- Sense of humor
- Ability to discuss topics in a civil and open minded way *
*Agreeing with what you think I believe in gets you no brownie points, but articulating a well-reasoned argument from any political perspective based upon factual evidence does!
Late assignments will NOT be accepted, unless due to absence. If you miss an assignment due to absence, you will have the time allowed for the assignment starting from the day they receive it, after that it will not be accepted. It is your responsibility to get the work missed on the next day of attendance. Make up work at the end of the grading period for missed assignments will not be allowed.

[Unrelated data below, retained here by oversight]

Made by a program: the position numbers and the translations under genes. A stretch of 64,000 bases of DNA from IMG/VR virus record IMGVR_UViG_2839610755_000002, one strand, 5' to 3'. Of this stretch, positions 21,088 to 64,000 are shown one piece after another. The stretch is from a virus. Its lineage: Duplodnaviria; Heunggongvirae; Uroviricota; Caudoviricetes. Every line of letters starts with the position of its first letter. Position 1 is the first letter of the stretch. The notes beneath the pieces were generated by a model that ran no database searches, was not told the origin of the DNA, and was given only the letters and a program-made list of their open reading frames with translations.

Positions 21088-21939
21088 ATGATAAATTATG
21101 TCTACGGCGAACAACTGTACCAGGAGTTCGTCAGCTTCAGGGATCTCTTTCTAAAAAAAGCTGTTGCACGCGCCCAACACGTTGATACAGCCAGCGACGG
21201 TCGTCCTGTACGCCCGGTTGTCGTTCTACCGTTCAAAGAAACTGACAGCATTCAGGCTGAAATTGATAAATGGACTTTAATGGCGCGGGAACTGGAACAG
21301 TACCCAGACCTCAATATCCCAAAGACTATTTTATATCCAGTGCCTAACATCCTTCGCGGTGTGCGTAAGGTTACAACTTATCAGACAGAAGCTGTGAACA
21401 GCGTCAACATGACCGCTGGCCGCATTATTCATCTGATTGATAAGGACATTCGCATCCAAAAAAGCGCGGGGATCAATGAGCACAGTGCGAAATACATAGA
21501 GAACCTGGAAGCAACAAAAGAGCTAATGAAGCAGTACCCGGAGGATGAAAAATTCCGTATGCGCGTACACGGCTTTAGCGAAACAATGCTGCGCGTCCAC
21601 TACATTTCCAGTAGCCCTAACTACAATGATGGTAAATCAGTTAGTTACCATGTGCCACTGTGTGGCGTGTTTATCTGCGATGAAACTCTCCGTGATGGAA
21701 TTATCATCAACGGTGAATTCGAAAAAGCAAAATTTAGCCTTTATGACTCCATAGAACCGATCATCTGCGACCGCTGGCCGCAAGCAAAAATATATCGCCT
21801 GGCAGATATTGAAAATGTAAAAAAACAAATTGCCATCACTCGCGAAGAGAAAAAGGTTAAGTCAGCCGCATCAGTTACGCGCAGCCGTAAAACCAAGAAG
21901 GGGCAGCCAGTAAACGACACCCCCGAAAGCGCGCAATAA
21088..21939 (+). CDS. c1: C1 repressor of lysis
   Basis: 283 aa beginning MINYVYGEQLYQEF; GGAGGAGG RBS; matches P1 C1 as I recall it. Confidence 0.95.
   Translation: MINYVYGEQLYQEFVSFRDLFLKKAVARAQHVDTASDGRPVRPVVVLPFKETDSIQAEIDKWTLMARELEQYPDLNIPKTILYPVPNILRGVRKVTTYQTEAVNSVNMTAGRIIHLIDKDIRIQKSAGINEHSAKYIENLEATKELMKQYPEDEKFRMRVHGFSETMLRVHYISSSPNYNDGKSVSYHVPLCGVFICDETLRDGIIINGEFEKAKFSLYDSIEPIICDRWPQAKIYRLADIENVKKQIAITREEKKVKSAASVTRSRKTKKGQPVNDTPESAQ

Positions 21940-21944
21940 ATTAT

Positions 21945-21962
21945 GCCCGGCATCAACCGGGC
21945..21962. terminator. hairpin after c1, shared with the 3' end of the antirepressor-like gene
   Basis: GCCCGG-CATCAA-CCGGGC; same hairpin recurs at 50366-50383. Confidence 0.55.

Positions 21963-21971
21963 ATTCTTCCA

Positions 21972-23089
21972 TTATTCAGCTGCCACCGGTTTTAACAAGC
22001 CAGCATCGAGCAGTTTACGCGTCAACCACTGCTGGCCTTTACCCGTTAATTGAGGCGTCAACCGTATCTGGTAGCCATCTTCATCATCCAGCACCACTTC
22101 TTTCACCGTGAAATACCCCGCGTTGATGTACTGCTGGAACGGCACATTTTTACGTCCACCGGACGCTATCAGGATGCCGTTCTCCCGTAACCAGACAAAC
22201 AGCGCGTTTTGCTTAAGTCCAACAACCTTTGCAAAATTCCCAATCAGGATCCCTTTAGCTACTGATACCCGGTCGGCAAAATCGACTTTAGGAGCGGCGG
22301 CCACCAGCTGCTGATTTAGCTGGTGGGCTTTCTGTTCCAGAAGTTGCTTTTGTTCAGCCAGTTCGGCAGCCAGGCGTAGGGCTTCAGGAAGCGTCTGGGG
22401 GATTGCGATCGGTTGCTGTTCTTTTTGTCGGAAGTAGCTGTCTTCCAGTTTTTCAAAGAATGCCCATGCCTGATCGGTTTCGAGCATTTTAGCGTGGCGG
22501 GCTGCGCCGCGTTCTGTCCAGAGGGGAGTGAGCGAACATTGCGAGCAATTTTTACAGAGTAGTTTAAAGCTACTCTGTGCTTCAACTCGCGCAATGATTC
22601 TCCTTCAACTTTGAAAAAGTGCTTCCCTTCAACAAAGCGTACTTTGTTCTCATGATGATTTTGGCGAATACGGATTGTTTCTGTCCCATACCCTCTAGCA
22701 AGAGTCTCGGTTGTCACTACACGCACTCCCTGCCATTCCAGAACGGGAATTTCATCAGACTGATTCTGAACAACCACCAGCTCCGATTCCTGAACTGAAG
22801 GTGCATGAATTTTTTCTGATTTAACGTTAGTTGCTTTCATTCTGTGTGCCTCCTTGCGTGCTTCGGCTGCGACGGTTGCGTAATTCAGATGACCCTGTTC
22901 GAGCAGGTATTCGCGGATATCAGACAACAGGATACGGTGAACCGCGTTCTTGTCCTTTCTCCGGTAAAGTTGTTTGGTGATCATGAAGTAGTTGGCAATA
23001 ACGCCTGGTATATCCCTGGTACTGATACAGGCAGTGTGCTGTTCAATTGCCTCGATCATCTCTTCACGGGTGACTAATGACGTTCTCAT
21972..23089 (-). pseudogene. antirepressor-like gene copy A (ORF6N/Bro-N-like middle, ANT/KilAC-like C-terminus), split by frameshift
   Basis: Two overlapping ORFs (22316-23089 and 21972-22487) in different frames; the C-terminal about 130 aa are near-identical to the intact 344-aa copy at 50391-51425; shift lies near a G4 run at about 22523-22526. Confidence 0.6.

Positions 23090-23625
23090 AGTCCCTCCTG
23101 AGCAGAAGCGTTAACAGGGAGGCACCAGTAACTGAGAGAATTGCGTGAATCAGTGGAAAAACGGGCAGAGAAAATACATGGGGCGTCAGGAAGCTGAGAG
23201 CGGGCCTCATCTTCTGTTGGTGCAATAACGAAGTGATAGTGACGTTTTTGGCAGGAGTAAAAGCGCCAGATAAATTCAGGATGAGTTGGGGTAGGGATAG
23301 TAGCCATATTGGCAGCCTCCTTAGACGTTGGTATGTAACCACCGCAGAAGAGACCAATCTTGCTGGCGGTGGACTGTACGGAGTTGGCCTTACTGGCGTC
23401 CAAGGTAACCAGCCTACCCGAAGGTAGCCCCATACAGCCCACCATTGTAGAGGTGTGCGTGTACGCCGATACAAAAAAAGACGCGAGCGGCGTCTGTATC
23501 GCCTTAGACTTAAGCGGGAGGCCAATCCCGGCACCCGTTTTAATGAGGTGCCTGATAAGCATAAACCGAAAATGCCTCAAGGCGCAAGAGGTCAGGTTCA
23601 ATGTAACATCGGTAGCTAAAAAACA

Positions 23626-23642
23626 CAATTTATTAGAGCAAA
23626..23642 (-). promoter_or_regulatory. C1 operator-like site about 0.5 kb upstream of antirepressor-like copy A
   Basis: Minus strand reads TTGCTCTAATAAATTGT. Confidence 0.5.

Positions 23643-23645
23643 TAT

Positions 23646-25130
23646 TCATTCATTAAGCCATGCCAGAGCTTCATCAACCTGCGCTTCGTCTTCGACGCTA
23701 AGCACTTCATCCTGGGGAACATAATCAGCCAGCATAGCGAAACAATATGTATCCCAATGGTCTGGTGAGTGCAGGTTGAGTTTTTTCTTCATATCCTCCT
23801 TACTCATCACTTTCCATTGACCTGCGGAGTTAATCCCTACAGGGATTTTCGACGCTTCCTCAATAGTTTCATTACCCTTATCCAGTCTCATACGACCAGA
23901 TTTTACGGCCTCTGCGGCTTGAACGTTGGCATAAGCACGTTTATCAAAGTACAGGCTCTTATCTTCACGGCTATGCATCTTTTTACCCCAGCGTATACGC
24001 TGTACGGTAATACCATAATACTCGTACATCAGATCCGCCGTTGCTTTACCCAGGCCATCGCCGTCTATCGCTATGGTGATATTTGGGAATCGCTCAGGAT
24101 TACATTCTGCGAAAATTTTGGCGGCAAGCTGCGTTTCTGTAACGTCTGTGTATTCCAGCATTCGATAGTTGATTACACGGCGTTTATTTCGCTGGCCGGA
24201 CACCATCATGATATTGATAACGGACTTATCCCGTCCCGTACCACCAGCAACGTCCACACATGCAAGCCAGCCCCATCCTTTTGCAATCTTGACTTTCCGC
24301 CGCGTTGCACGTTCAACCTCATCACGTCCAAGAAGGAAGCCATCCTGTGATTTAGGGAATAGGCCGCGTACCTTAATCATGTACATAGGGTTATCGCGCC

Cheating and Plagiarism:
Plagiarism is defined as the use of someone else’s ideas or work without following fair use guidelines, proper citations, or obtaining permission. Plagiarism is a crime and any student caught plagiarizing material for any class project will receive an automatic F for the project. Repeat offenders will be referred to the administration for expulsion proceedings. You think I am tough? Wait until you have to face a lawyer in court over patent and copyright infringement!
- Be respectful to everyone.
- The teacher’s desk is off limits.
- The teacher, not the bell, will dismiss students at the end of class.
- No one leaves until the classroom is clean and orderly.
- No eating in class.